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ARTICLE: San Diego Reader
City Council Unanimously in Favor of Urban Agriculture Amendments
“Today was a landmark day for local agriculturalists as the City Council voted unanimously in favor of amendments to the municipal code which simplify the process for approving farmers’ markets on private property, make minor adjustments to community garden regulations, and ease restrictions for keeping chickens, goats, and bees.
In an affable session marked by laughter and applause, the Council heard from several supporting speakers ranging from Hoover High School geographic information system students to members of the San Diego Beekeeping Society, the San Diego County Farm Bureau, the Goat Justice League, Food Not Bombs, the International Rescue Committee, New Roots Community Farm, the San Diego Hunger Coalition, the One In Ten Coalition, as well as 55 written supporters who did not speak at the meeting.
The amendments follow a $50,000 grant awarded to the City of San Diego in March to pursue municipal code and general plan amendments supporting urban agriculture with the goal of stunting obesity rates by planning communities in ways that support increased physical activity and access to healthy foods…
In the first municipal code revision on beekeeping since 1977, the practice is now allowed in single family zones with a single family dwelling, community gardens, and retail farms…
“The benefits of bee keeping are fresh natural honey, natural sweetener, and increase in the docile domesticated honeybee population,” said Joyce.
“San Diego has had European honeybees since 1869,” said Eric Robinson of the 450 member strong San Diego Beekeeping Society. “They were brought here by John Harbison. Beekeeping was a large part of the San Diego economy as we exported boxes of honey back to the East Coast and Chicago. John died a millionaire… The bee keeping industry in California represents about $5 billion worth of agriculture. Every third bite of food is something that pollination by bees was involved in the process.”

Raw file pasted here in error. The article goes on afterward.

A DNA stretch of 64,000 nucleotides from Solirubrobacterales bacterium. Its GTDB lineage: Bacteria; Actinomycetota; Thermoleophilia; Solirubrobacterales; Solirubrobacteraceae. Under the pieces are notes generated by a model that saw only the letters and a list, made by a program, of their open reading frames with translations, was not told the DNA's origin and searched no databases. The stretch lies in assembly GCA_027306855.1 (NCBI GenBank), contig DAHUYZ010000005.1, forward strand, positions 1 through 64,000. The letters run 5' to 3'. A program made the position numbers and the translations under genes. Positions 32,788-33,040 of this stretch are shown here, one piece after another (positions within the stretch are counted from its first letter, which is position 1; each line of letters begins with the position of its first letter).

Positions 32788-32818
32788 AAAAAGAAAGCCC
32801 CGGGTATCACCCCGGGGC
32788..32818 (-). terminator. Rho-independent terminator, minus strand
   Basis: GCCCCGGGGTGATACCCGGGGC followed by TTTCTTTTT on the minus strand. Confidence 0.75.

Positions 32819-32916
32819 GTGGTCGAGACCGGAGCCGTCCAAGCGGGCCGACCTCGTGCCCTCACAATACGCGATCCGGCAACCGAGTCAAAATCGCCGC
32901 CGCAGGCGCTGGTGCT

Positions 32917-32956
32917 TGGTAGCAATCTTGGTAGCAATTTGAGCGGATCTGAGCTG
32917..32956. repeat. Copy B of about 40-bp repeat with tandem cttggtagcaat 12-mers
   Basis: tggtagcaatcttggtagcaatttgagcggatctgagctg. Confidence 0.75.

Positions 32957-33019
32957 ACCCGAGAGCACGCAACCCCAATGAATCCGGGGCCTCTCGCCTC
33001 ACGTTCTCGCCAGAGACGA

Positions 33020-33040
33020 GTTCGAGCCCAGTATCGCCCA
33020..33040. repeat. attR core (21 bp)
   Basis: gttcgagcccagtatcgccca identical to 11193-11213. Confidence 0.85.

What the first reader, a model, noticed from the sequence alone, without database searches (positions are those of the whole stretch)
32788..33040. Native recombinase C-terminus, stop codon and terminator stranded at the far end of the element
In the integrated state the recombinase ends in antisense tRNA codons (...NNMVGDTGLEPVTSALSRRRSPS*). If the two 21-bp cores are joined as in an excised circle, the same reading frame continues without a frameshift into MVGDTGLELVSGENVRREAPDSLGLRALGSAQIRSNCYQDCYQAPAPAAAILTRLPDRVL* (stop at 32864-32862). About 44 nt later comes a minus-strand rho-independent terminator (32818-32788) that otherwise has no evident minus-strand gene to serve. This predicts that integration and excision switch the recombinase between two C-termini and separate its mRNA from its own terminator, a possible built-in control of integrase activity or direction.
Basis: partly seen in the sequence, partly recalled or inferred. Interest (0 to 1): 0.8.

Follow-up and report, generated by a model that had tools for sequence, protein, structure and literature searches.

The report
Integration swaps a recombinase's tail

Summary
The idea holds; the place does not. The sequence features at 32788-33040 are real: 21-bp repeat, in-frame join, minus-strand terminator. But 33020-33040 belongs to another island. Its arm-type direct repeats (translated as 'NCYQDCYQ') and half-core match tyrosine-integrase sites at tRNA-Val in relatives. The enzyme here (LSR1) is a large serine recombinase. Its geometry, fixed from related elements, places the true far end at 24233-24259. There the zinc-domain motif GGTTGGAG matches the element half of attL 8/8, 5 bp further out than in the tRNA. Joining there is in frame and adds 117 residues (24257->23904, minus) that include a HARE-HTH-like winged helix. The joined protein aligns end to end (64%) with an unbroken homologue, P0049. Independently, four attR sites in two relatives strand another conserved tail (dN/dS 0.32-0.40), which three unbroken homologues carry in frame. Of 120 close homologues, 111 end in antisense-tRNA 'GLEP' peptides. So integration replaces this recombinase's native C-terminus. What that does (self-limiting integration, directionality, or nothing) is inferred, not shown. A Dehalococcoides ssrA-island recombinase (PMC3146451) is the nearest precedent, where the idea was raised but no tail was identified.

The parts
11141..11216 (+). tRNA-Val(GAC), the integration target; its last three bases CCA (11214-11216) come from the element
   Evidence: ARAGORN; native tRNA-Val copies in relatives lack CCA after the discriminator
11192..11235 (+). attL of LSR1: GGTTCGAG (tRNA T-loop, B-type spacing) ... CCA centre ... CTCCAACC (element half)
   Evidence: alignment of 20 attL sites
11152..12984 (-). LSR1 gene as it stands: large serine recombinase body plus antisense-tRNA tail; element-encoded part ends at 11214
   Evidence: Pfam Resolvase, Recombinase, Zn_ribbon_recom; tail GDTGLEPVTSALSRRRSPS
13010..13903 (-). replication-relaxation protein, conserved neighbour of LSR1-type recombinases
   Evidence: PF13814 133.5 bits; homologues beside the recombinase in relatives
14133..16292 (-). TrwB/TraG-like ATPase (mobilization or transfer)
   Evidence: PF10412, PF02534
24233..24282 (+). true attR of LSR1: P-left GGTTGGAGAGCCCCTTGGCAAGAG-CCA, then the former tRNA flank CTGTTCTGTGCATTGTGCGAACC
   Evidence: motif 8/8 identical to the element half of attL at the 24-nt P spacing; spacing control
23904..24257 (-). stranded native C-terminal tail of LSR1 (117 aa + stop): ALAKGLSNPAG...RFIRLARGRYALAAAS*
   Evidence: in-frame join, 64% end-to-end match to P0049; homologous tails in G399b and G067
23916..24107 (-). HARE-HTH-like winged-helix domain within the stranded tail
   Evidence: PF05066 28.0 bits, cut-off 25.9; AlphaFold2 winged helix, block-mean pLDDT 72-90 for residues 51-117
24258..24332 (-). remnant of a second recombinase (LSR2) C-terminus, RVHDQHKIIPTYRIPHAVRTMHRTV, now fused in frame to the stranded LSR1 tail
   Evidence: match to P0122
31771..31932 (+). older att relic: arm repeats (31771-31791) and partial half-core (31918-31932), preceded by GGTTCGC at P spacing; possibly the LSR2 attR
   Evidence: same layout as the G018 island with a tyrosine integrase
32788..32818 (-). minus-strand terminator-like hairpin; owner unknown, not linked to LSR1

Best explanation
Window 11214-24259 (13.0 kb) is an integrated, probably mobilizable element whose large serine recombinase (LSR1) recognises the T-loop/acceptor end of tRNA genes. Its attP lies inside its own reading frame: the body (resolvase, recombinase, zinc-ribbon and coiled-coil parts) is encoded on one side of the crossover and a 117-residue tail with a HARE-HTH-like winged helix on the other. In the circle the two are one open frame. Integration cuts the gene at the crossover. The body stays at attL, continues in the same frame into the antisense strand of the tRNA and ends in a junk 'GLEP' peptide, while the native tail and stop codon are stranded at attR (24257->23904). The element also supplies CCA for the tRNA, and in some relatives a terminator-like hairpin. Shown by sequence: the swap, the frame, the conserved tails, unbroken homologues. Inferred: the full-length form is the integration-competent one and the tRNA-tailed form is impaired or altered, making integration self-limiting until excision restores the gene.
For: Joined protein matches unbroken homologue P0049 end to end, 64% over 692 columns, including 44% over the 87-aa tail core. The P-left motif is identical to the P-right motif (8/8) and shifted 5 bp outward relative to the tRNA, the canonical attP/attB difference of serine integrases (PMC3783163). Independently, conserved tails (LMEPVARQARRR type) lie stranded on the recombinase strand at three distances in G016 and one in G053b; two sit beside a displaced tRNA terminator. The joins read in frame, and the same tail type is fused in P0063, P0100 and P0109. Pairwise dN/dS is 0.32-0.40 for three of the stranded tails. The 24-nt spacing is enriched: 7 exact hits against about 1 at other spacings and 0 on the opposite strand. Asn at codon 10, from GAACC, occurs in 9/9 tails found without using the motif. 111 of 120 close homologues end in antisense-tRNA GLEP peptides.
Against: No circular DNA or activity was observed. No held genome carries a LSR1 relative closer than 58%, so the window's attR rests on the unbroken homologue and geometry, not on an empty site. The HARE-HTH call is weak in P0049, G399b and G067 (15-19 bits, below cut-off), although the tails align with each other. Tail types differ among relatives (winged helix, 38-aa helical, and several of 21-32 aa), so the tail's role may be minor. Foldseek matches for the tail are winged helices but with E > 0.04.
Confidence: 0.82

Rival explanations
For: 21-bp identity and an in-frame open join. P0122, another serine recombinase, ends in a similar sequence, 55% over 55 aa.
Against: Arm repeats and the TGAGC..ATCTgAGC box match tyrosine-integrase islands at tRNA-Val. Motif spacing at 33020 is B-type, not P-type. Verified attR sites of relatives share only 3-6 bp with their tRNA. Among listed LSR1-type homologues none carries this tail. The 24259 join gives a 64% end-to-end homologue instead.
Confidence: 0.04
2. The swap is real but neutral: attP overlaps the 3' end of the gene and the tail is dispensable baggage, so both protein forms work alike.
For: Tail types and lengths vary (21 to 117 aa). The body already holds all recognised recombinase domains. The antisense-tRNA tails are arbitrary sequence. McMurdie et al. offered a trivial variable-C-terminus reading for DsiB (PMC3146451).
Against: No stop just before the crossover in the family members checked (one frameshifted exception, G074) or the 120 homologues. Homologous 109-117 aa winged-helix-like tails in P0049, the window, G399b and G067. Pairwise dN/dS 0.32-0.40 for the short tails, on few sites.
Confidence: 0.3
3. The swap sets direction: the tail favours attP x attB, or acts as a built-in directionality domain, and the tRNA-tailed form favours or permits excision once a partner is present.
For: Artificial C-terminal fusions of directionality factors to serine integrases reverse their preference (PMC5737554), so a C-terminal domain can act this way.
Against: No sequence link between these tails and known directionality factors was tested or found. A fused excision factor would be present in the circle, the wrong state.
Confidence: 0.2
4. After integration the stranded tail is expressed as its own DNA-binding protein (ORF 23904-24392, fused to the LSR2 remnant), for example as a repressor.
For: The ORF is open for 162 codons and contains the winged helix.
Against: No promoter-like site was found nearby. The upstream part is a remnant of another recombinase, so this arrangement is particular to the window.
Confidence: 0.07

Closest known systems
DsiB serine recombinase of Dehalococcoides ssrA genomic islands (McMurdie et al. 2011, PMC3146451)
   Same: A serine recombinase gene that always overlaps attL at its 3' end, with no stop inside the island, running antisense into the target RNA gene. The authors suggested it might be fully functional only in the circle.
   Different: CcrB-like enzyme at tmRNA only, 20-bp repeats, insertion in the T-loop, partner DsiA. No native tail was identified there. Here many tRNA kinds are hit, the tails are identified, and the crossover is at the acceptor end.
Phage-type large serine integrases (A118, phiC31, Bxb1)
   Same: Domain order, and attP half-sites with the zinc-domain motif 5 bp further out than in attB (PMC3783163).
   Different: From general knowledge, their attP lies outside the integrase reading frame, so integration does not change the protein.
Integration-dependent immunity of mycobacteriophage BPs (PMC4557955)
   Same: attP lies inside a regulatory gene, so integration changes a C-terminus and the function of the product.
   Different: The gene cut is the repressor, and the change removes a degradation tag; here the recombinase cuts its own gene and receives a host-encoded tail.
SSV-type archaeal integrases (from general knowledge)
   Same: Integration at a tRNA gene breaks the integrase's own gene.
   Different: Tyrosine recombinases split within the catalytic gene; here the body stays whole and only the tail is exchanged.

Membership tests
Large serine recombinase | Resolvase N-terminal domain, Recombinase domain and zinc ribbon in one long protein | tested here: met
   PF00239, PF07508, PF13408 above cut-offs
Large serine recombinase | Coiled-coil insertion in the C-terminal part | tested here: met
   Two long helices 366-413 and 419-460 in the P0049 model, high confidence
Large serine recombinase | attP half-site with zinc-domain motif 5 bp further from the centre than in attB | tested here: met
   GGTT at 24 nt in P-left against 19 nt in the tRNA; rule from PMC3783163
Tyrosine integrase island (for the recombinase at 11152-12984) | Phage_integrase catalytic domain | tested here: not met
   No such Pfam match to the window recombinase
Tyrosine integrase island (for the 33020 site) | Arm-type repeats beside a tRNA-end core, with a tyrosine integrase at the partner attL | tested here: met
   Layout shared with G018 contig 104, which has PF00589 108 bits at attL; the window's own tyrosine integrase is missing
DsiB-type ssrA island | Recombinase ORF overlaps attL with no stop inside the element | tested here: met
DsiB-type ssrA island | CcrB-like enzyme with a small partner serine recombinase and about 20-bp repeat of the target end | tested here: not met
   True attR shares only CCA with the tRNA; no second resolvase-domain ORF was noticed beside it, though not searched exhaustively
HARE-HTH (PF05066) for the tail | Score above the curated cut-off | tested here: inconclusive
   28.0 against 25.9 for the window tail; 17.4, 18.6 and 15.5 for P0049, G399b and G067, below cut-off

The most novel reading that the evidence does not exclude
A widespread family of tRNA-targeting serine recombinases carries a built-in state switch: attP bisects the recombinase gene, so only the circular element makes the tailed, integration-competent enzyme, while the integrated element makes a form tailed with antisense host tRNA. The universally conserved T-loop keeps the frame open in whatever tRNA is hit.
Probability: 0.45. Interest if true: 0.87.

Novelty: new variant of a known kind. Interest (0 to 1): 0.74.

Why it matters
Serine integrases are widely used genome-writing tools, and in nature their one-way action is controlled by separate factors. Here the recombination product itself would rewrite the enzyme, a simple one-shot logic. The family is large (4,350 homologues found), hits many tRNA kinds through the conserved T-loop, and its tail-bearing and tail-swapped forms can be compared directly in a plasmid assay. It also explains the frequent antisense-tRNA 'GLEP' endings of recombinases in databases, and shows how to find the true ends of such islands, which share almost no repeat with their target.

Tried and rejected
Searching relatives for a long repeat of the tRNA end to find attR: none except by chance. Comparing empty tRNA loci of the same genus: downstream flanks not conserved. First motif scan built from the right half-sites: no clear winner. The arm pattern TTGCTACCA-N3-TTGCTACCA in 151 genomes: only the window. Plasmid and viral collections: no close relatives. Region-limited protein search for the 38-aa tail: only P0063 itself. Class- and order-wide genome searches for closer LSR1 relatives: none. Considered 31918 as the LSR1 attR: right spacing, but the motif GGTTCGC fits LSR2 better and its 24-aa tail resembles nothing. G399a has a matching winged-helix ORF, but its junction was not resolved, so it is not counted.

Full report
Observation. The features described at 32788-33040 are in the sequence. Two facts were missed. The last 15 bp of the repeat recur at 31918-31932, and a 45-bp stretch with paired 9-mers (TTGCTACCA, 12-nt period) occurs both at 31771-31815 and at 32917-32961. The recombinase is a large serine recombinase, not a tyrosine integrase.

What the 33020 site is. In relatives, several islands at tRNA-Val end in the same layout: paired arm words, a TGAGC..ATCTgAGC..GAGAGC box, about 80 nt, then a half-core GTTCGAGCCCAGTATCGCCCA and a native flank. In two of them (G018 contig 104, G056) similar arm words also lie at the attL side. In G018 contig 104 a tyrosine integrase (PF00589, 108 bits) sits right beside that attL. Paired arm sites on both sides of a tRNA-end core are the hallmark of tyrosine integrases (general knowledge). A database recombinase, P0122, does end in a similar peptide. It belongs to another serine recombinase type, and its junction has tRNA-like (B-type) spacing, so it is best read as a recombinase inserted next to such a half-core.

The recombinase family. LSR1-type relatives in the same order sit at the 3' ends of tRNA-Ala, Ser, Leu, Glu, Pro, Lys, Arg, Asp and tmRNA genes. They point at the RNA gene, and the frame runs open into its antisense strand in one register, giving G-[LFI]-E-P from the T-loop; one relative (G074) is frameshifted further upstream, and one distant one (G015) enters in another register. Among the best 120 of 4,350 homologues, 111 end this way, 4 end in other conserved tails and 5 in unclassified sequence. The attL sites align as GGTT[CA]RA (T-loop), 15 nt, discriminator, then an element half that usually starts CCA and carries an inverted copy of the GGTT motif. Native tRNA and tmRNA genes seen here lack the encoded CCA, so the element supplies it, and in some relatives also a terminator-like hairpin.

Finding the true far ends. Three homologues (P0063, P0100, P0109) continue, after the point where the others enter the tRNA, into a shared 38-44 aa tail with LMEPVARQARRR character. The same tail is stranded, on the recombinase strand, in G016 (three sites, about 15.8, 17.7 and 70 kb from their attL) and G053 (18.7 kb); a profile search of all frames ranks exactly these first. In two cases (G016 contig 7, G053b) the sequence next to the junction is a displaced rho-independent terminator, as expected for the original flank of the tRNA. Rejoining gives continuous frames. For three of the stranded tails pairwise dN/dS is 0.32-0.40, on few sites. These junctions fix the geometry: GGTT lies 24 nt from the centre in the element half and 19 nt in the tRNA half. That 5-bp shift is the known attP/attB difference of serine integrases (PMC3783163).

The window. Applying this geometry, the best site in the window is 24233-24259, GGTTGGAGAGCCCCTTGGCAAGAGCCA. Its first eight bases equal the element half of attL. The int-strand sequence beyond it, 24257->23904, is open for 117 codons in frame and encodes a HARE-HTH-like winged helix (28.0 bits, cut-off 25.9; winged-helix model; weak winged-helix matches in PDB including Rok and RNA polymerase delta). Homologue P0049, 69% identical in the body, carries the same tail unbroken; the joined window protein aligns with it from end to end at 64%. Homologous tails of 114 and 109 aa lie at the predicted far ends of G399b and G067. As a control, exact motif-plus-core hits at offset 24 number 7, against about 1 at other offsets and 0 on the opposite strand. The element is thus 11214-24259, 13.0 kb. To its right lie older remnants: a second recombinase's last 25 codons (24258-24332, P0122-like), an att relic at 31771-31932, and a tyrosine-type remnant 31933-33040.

Other statements of support for the amendments included the need to cultivate domesticated bees to counteract the plummeting bee population due to the enigmatic “colony collapse disorder”, the prospect of carbon emission reduction by eating locally grown produce, and, according to lifelong San Diego resident Oliver E. Owen III, 71, the simple enjoyment of “great critters. They relax you. Your blood pressure goes down, you don’t drink as much. And they have personalities. I’m here strictly to support this thing on the basis of camaraderie of animals. That’s all.”
Pesticide Action Network: SIGN THE PETITION!
• U.S. bee populations are still declining and scientists believe pesticides are a critical piece of the puzzle. Clothianidin’s family of pesticides (neonicotinoids, including imidacloprid) are an especially suspect culprit.
• Clothianidin is on the U.S. market on the basis of unsound science and deeply flawed EPA decision-making. Like most pesticides registered in the last 15 years, it was rushed to market prior to safety testing with a “conditional registration.”
• Beekeepers can’t take another season of losses. Beekeepers tell us that like their hives, their industry is on the verge of collapse. With 1/3 of food reliant on bees for pollination, the collapse of commercial beekeeping would devastate U.S. farmers as well.
Help us save the honey bees!!
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